A number of factors can interfere with clinicians’ addressing psychosocial health needs. These include the way in which clinical practices are designed, the education and training of the health care workforce, shortages and maldistribution of health personnel, and the nature of the payment and policy environment in which health care is delivered. Because of this, improving the delivery of psychosocial health services requires a multipronged approach.
In this context, the National Institutes of Health asked the IOM to empanel a committee to conduct a study of the delivery of the diverse psychosocial services needed by cancer patients and their families in community settings. The committee was tasked with producing a report describing barriers to access to psychosocial services and ways in which these services can best be provided, analyzing the capacity of the current mental health and cancer treatment system to deliver such care, delineating the associated resource and training requirements, and offering recommendations and an action plan for overcoming the identified barriers. The committee interpreted “community care” to refer to all sites of cancer care except inpatient settings.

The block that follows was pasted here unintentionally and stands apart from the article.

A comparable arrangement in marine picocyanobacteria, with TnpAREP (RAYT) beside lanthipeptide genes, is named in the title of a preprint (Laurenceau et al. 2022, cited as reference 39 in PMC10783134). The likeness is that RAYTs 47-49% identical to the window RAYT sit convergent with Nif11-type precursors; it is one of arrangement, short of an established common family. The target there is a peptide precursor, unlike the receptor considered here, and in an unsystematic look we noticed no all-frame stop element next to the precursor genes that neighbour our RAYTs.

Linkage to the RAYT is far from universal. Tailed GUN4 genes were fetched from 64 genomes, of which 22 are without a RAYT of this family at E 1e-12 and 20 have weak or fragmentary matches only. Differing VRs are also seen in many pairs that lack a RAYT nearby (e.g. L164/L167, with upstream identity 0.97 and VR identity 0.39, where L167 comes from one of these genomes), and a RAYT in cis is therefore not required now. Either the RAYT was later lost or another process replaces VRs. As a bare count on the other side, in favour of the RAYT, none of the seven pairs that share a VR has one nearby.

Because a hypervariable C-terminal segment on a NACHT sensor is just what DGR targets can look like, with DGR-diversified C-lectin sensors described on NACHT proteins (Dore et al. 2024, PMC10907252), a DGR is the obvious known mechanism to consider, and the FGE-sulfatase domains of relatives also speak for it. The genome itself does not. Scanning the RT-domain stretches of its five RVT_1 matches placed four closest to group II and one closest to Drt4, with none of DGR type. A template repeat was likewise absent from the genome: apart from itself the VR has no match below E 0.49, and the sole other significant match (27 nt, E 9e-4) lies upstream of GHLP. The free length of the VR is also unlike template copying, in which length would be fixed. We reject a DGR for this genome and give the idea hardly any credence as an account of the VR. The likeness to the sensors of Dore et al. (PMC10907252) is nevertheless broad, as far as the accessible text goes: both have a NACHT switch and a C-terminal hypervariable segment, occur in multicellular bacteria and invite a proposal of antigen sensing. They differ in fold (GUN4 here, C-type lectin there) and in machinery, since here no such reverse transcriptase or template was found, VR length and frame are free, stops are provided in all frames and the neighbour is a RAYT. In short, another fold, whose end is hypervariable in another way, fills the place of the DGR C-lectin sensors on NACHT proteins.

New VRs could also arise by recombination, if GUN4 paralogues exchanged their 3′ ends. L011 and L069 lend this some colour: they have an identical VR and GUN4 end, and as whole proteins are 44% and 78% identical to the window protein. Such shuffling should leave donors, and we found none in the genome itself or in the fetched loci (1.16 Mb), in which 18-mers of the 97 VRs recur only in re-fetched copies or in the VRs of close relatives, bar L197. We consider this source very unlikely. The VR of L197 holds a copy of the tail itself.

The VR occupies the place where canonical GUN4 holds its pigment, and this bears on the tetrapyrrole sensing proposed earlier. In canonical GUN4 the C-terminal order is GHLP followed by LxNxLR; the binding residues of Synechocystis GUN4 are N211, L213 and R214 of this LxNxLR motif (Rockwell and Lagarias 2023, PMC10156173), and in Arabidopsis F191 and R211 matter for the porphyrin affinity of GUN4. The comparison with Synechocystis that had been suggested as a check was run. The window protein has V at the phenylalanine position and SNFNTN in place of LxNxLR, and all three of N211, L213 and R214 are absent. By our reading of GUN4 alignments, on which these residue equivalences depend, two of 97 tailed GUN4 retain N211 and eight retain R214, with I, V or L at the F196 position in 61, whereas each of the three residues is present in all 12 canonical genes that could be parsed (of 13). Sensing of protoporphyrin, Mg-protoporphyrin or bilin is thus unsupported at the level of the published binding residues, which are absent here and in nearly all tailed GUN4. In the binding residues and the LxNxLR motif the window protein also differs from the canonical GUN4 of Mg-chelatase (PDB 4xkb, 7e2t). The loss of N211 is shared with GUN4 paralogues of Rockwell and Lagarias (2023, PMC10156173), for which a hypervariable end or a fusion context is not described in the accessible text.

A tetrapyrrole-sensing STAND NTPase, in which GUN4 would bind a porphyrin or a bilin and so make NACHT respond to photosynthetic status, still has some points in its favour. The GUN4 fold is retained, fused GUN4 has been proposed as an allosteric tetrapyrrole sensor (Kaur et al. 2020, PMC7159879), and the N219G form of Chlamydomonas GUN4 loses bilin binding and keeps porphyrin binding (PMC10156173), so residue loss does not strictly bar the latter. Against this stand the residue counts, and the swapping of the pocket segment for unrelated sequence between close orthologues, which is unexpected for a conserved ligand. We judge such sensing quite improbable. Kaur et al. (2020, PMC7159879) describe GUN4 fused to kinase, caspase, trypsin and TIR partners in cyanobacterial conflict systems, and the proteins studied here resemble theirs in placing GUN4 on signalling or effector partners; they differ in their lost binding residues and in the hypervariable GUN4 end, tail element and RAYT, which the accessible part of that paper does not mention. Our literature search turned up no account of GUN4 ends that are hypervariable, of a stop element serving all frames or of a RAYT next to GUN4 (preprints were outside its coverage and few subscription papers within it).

This study builds on and complements several prior reports on cancer care. First, two recent reports address quality of care for cancer survivors. From Cancer Patient to Cancer Survivor: Lost in Transition (IOM and NRC, 2006) well articulates how high-quality care (including psychosocial health care) should be delivered after patients complete their cancer treatment. Childhood Cancer Survivorship: Improving Care and Quality of Life (IOM and NRC, 2003) similarly addresses survivorship for childhood cancer. The recommendations made in the present report complement and can be implemented consistent with the vision and recommendations put forth in those reports. Second, two other recent reports address palliative care: